Recent evidence suggests that certain cancers may persist or recur after treatment because a small population of cells, called cancer stem cells, remains behind to seed new tumors. Though scientists are not yet certain about the role cancer stem cells play in disease, evidence is accumulating that these cells are particularly resistant to chemotherapy and radiation, and can linger in the body even after treatment.
Several research groups have begun looking for substances that kill these cells. A new approach, developed by researchers at the Whitehead Institute for Biomedical Research and the Broad Institute of MIT and Harvard, makes use of high-throughput screening methods to identify chemicals that selectively target these elusive cells. In a study published today in Cell, the researchers identify one particular drug that kills breast cancer stem cells in mice. Although it is still unclear whether the drug will be useful in humans, the researchers believe their study demonstrates that it’s possible to target these cells selectively.
Because cancer stem cells, which have the ability to give rise to new tumors, may remain behind after chemotherapy and radiation treatments, finding ways to target these cells specifically may offer a way to make treatment more effective. But accessing and studying cancer stem cells has been challenging because very few are present in tumors and they are difficult to generate and maintain outside the body. Other groups have recently screened for drugs that target leukemia stem cells and brain cancer stem cells. In the Cell paper, a team led by the labs of Eric Lander at the Broad Institute and Robert Weinberg at the Whitehead Institute developed a way to generate a large number of cells that mimic naturally occurring epithelial cancer stem cells; these cells can be maintained in this state for long periods of time.
Epithelial cancers are the most common types of cancer in adults and affect the skin and inner lining of organs in the body. Using epithelial breast cancer cells, the researchers introduced a genetic change in these cells, causing them to take on the properties of mesenchymal cells, which form connective tissue in the body. Piyush Gupta, a co-author at the Broad Institute, says that for reasons not completely known, when this “epithelial-to-mesenchymal transition” is performed on breast cancer cells, it promotes the development of a large number of cells that he says are “indistinguishable from cancer stem cells.” These cells can then be grown in tiny pockets on plates and screened robotically for their response to large collections of chemicals.
The researchers used a library of 16,000 chemicals at the Broad Institute to look for compounds that killed these transformed breast cancer stem cells more effectively than they killed normal breast cancer cells. Gupta explains that since cancer stem cells are usually resistant to drugs, relatively few chemicals are effective–a mere 32 compounds were identified in the screen as preferentially treating breast cancer stem cells.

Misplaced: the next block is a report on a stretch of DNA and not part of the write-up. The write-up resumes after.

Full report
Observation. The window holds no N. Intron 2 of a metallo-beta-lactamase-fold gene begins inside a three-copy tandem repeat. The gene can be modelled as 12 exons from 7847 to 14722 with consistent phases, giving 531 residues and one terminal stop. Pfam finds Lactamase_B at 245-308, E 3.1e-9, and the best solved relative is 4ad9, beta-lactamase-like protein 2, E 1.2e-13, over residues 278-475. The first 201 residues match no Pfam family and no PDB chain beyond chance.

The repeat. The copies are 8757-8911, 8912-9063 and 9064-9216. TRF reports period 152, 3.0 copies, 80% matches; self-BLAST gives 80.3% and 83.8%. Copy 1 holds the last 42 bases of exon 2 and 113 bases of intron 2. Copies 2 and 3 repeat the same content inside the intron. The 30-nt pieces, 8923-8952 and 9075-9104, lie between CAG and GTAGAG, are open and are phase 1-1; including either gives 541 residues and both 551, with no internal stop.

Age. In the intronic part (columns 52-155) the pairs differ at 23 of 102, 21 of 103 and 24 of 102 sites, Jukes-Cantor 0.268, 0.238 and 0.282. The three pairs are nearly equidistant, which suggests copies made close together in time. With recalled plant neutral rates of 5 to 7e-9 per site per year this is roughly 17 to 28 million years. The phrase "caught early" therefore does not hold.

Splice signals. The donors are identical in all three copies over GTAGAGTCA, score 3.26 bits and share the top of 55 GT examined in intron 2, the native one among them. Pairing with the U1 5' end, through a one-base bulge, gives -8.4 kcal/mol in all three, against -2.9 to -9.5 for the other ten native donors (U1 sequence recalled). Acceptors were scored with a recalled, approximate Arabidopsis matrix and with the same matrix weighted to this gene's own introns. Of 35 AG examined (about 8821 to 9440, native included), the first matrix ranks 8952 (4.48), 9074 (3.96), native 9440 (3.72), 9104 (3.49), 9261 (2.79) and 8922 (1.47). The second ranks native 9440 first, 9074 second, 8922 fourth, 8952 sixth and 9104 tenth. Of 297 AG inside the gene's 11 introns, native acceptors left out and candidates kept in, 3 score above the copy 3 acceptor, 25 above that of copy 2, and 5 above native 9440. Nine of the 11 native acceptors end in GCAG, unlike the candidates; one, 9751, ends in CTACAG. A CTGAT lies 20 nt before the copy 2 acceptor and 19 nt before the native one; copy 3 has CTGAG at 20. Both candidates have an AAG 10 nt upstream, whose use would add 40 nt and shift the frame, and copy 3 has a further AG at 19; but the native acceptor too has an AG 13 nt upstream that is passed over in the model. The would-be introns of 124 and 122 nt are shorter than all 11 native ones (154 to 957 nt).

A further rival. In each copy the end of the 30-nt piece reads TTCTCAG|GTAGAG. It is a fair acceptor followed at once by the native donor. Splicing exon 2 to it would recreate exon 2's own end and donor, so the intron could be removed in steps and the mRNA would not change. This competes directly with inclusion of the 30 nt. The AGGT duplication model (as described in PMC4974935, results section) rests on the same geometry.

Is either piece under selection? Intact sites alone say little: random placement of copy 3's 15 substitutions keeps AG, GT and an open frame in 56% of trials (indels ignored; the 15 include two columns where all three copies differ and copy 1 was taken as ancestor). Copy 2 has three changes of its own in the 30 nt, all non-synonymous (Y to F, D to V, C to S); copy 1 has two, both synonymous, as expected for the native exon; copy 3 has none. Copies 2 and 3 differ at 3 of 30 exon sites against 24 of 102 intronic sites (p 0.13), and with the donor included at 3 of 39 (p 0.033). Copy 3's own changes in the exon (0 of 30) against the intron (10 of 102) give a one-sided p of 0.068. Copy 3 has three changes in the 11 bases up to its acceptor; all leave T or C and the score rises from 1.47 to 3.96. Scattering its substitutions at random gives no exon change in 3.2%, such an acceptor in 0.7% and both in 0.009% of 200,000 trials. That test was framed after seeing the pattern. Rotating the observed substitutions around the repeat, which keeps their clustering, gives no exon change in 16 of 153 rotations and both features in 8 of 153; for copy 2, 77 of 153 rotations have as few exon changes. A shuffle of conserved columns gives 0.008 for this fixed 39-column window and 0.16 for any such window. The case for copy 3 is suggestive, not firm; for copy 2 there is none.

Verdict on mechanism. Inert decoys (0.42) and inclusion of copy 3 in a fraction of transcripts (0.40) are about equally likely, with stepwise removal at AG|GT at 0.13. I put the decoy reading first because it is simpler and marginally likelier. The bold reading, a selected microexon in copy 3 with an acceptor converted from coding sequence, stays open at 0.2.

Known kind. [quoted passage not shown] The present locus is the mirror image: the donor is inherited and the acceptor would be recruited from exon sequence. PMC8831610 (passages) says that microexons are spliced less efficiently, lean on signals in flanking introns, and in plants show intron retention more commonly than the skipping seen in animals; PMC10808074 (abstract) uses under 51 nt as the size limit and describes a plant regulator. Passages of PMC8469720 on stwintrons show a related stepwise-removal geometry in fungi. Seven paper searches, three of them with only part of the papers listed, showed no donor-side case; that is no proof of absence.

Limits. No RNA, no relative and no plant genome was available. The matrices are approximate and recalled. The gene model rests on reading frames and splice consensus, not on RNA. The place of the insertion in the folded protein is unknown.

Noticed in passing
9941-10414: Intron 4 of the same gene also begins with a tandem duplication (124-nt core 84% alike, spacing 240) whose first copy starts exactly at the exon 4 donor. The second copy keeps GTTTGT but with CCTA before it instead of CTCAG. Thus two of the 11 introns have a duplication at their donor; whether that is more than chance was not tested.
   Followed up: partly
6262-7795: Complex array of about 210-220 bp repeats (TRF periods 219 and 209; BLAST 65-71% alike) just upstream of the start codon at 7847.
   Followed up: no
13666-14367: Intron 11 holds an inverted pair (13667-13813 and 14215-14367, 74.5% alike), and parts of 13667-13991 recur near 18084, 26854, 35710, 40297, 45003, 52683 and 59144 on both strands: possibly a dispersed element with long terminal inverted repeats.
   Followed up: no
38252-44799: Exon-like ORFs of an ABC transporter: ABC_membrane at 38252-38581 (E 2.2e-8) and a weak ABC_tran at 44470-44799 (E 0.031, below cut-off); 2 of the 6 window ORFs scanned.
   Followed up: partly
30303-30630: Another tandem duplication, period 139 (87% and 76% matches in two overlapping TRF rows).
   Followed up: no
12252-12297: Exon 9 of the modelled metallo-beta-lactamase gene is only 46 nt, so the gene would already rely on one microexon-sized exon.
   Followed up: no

After some initial testing of several compounds, the researchers focused on one drug called salinomycin. They compared it to the actions of a drug commonly given in breast cancer chemotherapy, paclitaxel (also known by its brand name, Taxol), in cultured cells and in mice. While paclitaxel treatment leads to a higher proportion of drug-resistant cancer stem cells, salinomycin had the opposite effect, reducing the number of breast cancer stem cells in cultured cells more than 100 times more effectively than paclitaxel. The drug also reduced breast tumor growth in mice, although the reduction was less dramatic.
Gupta says that it’s not clear whether salinomycin will be a clinically useful drug, because it has not yet been tested in humans. The team is continuing to study this initial candidate drug, but he also notes, “we’re following up on several others that we think may be promising.”
Jeffrey Rosen, a breast cancer researcher at Baylor College of Medicine, in Houston, TX, says that the study is an early example of a promising new turn in the hunt for cancer therapies. “It’s very exciting that some groups are starting not to view tumors as homogeneous entities but to target subpopulations of cells we think are import for drug resistance,” he says. However, Rosen notes that the results in mice were not as promising as the drug’s performance in cells. He says that the cancer field is hampered by a lack of good animal models to determine which drugs will be relevant for therapies. The problem, he says, is “once you pull out a compound or drug, then how do you actually go the next step and show that it’s really going to work?”
Weinberg calls the study “the first step in the direction of trying to eliminate these cells in tumors.” He believes that even if the role of cancer stem cells in different kinds of cancer has not been resolved, “we have no doubt that getting rid of them is going to be an important part of creating cures.”
Although this study focused on breast cancer, the researchers anticipate that the screen could be applied to any kind of epithelial cancer. Gupta says that while targeting cancer stem cells may not necessarily be a “magic bullet” in cancer treatment, “if you have a certain subpopulation of cancer cells that are resistant to standard treatment, you would want to find a compound that targets these cells.” He adds that a drug that targets cancer stem cells could be used in combination with standard treatments to ensure that resistant cells are not left behind.
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